My work is a culmination of years of observing textures and rhythms in nature- the stark contrast of bare branches against a winter sky, the gentle swirls and undulations of clouds, the overlapping textures of autumn leaves- these have always intrigued me. In my work I investigate these interests further through layering of paper and paint- and in my latest efforts, through incorporation of materials such as hand marbled paper and tree branches. My earlier studies as a textile major at Virginia Commonwealth University instilled a desire in me to explore surface details and deeper energies in my work.
Gustav Klimt is a major inspiration to me. His ecstatic, prolific use of geometric designs and metallic paints in conjunction with beautifully articulated subjects is both decadent and emotionally jarring. When one views his works, there is so much more to see than just the initial image, his works are always changing for me, a new emotional reaction with each encounter. The illustrator Arthur Rackham has also influenced me. His whimsical portrayals of figures draw the viewer in, revealing new clues and meanings with each successive viewing. To see something new each time you encounter a work is important to me. I feel it reflects one’s own personal growth that although something has remained unchanged, it offers new insight as time goes by. I grew up with Arthur Rackham- my grandmother had personally signed first editions that have become honored possessions of mine. I treasure these works and love slowly paging through them. Anyone who has seen the “Lord of the Rings” movies would recognize the influence of Rackham on the Ents (walking, talking trees).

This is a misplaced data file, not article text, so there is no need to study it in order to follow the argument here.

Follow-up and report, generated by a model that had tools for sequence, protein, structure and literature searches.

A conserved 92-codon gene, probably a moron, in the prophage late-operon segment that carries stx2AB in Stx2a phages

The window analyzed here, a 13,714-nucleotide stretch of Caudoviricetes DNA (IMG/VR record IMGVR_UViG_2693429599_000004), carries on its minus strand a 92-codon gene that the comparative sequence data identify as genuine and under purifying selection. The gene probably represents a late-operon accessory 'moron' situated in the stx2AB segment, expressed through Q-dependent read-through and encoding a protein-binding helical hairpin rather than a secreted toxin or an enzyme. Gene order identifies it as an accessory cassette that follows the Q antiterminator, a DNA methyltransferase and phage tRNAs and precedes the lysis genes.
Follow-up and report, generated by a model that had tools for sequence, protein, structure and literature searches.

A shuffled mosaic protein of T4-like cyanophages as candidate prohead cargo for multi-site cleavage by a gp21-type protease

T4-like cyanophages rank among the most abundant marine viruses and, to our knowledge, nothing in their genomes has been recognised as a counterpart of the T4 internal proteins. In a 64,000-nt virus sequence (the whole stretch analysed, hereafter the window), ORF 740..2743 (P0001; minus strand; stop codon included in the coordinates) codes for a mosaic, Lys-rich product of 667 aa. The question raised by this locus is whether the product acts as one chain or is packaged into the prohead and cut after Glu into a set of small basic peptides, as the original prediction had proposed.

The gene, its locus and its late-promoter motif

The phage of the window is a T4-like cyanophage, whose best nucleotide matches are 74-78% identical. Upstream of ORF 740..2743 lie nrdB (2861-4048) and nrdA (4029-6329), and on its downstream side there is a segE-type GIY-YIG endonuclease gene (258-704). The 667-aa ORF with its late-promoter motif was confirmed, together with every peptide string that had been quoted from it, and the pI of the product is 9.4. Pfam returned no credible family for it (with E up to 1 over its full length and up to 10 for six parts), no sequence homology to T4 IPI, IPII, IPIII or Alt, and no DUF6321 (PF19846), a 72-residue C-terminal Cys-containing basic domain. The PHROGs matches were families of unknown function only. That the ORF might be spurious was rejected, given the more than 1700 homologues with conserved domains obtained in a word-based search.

I began my recent course of development after viewing a Roland Flexner exhibition in New York. He worked with suminagashi and India inks, marbling and creating images as ink bubbles popped on the paper. When I returned home, I began experimenting with marbling rice paper. I use suminagashi ink because it floats on the water, no need for sizing or other ingredients used in traditional marbling. The rice paper is thin, lending itself easily to layering and collage. The marbled paper elements add organic details to my work that are beyond my control, leading to happy accidents from which to build. I have very recently experimented with adding fine glitter to the marbling technique; I cannot resist shiny elements. The tension created by the juxtaposition of the swirled, gentle marbled effects with the deliberate structured ink and marker embellishments further exploits the layered elements of the work.